# Transmission Of Energy In Form Of Electromagnetic Waves Biology Essay

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Waves are of many kinds, such as water, sound, light waves etc. But in 1873, Maxwell derived a wave form having electric and magnetic field components, revealing the wave-like nature of electric and magnetic fields. These two components had same wavelength, frequency, speed but differ in about 90 degree, in planes in which they travel. According to Maxwell, an oscillating electric field generates an oscillating magnetic field which in turn generates an oscillating electric field, and so on forming an electromagnetic wave.

Electromagnetic radiation is radiation which is not emitted continuously as in particle radiation but is emitted in discrete units or say photons that travel at the speed of light as electromagnetic waves. Photons (in a given, non-absorbing medium) travel at the same velocity, v. The physical distance in the direction of propogation over which the electric and magnetic fields of a photon make one complete oscillation is called the wavelength, , of the electromagnetic radiation. The relationship between the light velocity, wavelength, and frequency is:

v =

The electromagnetic nature of all photons is the same, but photons can have different frequencies. The names we give electromagnetic radiation for different wavelength and frequency ranges are listed in the electromagnetic spectrum document. The energy, E, of one photon depends on its frequency of oscillation:

E = h = hv /

where h is Planck's constant (6.62618x10-34 JÂ·s).

It is important to be able to distinguish between :

Intensity

Energy & Power

The intensity determines the amount or number of these effects which occur.

The energy of EM radiation determines the effect of the radiation on materials and is the basis for understanding analytic techniques which use EM radiation.

For example, x-rays are of short wavelength and have very high energy per photon. . Radio waves are of very large wavelength and low energy. Radio waves pass through our bodies constantly with no effect.

High intensity radio waves can cause changes in the spin polarization of nuclei when the nuclei are under a very strong magnetic field and this is the basis of nuclear magnetic resonance absorption.

Radiation is separated into two categories, ionizing and non-ionizing, to denote the energy and danger of the radiation. Ionizing radiation is radiation in which an individual particle carries enough energy to ionize an atom or molecule. Corpuscular ionizing radiation consists of fast-moving, charged particles such as electrons, positrons, or small atomic nuclei. Thermal, epithermal, and fast neutrons interact with atomic nuclei creating secondary ionizing radiation and are called indirectly ionizing radiation. Electromagnetic ionizing radiation includes X-rays and gamma-rays. Ultraviolet light also can ionize an atom or molecule, but is referred to usually as non-ionizing radiation.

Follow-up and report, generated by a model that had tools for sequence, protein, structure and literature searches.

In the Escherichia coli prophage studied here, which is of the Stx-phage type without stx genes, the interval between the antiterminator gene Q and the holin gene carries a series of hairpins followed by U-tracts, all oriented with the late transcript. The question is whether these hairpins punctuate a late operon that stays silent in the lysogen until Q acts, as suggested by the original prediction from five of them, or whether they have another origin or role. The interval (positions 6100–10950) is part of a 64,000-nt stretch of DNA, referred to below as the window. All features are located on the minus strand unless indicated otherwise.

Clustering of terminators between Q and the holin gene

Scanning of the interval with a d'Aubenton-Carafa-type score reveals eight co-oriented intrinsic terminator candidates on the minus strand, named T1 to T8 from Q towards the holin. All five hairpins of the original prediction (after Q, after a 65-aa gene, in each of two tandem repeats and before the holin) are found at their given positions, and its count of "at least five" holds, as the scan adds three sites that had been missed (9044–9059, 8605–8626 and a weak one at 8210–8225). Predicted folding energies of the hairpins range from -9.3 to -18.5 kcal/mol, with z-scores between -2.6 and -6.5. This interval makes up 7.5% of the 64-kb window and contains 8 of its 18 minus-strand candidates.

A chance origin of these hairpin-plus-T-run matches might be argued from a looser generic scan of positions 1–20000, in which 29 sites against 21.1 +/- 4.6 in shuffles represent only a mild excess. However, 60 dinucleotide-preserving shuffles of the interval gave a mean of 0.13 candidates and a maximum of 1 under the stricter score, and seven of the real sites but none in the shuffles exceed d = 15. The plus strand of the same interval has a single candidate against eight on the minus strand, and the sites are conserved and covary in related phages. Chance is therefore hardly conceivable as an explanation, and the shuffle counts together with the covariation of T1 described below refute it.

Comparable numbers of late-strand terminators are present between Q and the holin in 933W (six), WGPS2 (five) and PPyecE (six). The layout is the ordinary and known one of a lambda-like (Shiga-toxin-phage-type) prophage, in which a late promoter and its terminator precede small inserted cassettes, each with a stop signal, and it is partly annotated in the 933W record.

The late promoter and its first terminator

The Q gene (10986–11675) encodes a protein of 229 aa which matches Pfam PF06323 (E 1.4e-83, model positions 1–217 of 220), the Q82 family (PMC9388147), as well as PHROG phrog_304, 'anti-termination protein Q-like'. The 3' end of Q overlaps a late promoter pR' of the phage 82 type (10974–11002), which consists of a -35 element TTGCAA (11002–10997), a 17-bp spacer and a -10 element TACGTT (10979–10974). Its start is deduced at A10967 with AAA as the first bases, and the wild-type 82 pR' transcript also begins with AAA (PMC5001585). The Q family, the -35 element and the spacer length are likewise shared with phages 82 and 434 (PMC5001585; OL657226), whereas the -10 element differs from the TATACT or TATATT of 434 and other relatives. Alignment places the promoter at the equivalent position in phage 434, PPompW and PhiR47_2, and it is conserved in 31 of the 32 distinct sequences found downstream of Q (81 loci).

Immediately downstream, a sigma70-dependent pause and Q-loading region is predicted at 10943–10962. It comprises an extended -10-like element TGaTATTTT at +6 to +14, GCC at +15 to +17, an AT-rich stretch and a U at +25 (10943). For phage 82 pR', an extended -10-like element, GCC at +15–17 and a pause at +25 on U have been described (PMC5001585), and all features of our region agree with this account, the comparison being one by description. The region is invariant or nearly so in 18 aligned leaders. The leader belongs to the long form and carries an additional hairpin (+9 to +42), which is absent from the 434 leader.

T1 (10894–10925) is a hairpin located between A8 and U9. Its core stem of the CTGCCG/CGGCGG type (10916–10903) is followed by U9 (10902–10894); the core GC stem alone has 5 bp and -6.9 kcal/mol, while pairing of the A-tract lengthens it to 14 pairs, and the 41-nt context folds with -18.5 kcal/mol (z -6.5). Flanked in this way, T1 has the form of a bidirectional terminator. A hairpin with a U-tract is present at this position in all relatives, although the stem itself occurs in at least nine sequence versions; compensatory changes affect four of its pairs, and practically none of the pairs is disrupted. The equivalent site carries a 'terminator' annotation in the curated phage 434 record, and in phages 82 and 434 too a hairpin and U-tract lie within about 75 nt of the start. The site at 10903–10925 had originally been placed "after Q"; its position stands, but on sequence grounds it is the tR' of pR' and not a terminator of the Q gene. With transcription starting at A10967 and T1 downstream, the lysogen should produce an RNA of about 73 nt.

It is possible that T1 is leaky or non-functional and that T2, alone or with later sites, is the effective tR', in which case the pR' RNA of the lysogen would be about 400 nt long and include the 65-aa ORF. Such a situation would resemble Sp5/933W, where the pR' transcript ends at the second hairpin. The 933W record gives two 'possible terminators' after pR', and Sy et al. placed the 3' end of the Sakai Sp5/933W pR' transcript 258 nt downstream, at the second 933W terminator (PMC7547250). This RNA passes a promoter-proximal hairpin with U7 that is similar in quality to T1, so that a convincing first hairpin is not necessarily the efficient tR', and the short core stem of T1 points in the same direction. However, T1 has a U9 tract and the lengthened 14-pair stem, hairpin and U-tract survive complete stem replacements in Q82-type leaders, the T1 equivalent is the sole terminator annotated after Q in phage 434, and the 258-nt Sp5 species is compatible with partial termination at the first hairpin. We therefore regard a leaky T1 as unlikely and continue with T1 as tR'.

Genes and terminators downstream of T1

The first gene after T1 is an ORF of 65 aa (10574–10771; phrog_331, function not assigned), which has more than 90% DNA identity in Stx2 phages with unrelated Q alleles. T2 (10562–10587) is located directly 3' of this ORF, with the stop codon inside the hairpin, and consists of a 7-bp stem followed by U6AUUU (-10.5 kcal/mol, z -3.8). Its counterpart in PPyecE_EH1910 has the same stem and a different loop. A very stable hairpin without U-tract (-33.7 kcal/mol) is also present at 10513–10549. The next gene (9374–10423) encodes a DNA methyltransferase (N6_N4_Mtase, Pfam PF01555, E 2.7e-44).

The amount of ionizing radiation, or 'absorbed dose' is measured in grays. One gray (Gy) is one joule of the energy deposited per kilogram of mass.

Some types of radiation, such as neutrons or alpha particles, are more biologically damaging than photons or fast electrons when the absorbed dose from both is equal. To estimate this, dose equivalent, in a unit called the sievert (Sv), is used. Regardless of the type of radiation, one sievert of radiation produces the same biological effect. High radiation doses tend to kill cells, while low doses tend to damage or alter the genetic code of irradiated cells. The effect of very low doses is a subject of current debate.

Features of Electromagnetic Waves:

EM waves are described using a sin function in time and space. That is, at a fixed time the wave varies in Amplitude, A, with spatial position and for a given position in space the wave varies in amplitude with time. This is true of both the electric field vector, E, and the magnetic field vector, B.

E = A sin[2Ï€x/Î» -2Ï€nt]

B = B0 cos[2Ï€x/Î» -2Ï€nt] Out of phase with E by 90Â°

E and A have direction. Î» is the wavelength, Î½ is the frequency.

A special property of EM radiation is that it displays a fixed speed in vacuum, c, and fixed velocities in other uniform media so conversion from frequency to wavelengthis direct:

Î½ = c / Î»

When light passes through other media, it's velocity decreases. Since the energy of a photon is fixed, the frequency of a photon does not change. Thus for a given frequency of light, the wavelength must decrease as the velocity decreases.

The decrease in velocity is quantitated by the refractive index, n, which is the ratio of c to the velocity of light in another medium, v:

n = c / v

We can specify a type of EM radiation by specifying it's wavelength, frequency, or wavenumber, k:

K = 1 / Î»

EM radiation also displays a particle characteristic through the concept of the photon which is a particle of no mass. This allows a means to describe features of EM radiation which are usually associated with particles such as momentum.